the weather’s been so nice here the past week or so that i have to keep telling myself that it’s november and not may.  but this is only my second fall season in texas, so i continue to gauge how the seasonal weather patterns present themselves in the garden.  since today is garden blogger’s bloom day (gbbd, hosted by may dreams gardens), here’s a few observations from our fall garden:

pansy, brassica and ophiopogon combination
muhlenbergia, basil and rosa 'Sunny Knock Out'
pomegranate, crepe myrtle, purple basil, muhlenbergia and lantana
panicums ('Prairie Skies' and 'Shenandoah') and Rudbecia hirta

now that the summer’s heat has finally subsided, the vegetable garden is once again in full swing:

first official green bean harvest
the peppers have bounced back and are finally turning color
the tomatoes and basil continue to produce

and surprise… the bulbs that i’ve associated with spring have started to come up!  daffodil foliage has already emerged while other bulbs have sent up their flowers:

a blood lily surprise (bloomed in july, turgid foliage until nov, and blooming again)!

but the summer caladium bulbs are senescening, giving way to other ornamentals:

the ugandense clerodendron is about to open while the caladium fades away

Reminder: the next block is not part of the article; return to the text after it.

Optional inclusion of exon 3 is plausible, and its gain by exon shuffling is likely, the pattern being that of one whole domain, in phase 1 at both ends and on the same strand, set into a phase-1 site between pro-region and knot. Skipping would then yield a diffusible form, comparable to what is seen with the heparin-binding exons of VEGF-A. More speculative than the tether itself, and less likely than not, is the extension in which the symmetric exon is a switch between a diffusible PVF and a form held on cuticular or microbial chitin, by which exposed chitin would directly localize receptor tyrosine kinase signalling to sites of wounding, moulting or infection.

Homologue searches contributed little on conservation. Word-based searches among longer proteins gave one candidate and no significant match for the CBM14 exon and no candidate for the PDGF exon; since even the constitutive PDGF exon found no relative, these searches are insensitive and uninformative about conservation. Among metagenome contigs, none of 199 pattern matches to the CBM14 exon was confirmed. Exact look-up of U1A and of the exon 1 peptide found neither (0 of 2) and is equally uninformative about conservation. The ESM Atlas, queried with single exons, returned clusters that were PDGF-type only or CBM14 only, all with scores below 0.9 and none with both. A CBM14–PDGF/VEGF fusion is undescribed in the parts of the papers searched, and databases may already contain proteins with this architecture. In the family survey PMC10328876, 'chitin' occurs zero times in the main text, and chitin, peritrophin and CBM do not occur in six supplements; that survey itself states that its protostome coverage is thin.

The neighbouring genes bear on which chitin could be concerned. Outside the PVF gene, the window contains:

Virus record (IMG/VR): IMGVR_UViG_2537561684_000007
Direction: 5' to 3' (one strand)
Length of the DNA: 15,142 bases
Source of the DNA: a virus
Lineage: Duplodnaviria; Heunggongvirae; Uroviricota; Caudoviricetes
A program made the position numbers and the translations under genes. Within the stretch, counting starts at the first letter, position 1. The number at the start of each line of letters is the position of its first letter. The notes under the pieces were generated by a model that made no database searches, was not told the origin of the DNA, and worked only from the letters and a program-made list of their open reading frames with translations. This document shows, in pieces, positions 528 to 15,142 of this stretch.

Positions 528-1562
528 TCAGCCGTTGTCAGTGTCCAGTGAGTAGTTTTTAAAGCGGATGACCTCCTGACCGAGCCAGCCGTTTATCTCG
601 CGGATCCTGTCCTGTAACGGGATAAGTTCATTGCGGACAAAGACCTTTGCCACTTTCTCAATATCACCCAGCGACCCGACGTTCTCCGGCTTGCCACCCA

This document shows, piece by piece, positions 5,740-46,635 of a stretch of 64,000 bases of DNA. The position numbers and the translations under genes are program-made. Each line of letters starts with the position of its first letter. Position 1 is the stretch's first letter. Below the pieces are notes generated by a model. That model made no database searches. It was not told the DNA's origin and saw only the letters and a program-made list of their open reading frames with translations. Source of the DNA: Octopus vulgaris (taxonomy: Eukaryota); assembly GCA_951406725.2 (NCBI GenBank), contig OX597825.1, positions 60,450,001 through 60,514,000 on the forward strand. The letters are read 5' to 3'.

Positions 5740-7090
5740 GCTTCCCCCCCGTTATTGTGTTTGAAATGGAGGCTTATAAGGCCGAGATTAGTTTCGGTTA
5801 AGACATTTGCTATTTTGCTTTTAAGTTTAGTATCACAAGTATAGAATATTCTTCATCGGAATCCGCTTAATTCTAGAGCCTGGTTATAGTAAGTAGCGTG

this eclectic mix is what november has to offer in our fall garden.

happy bloom day.


5 thoughts on “eclectic

  1. well, well…i thought it was green here but texas has got washington beat by a long shot. how crazy to come from michigan and new york winters and now to have vegetables growing in november. i keep waiting for it to get “cold” here but i think i’m going to be always be waiting. but i certainly don’t miss seeing zero on the thermometer for weeks at a time. but i suppose that’s its own kind of beauty. cold beauty.

  2. Yes it’s November, but you’d hardly know it looking at your plants. In addition to the great flowers, I like how you’ve shown them, almost a plant’s-eye-view of the world. The first photo, in particularly gives me the sensation of viewing the world from low down and looking at the great details like the pink veins of the pansies and brassica leaves.

    • thanks for noticing the details… they can reveal amazing nuances when captured at plant level, especially when the light is just right.

  3. Beautiful! I’m with Lostlandscape that your perspective really wows. In the porch pic it looks like those plants are enormous (and they probably are), about to swamp the house. So happy you’re finding the new beauty of fall, even if it starts out just feeling like a reprieve from the heat. And now you get to enjoy not just a fall harvest but a whole new crop 🙂

  4. Hey Gorgeous! What a beautiful garden you’ve got growing there! I’m so jealous that the veggies are producing again. It’s been quite warm up here too in the city and today it should be up to 65 degrees. I have a nice crop of geraniums- not nearly as nice as your lovely garden though! Miss you.

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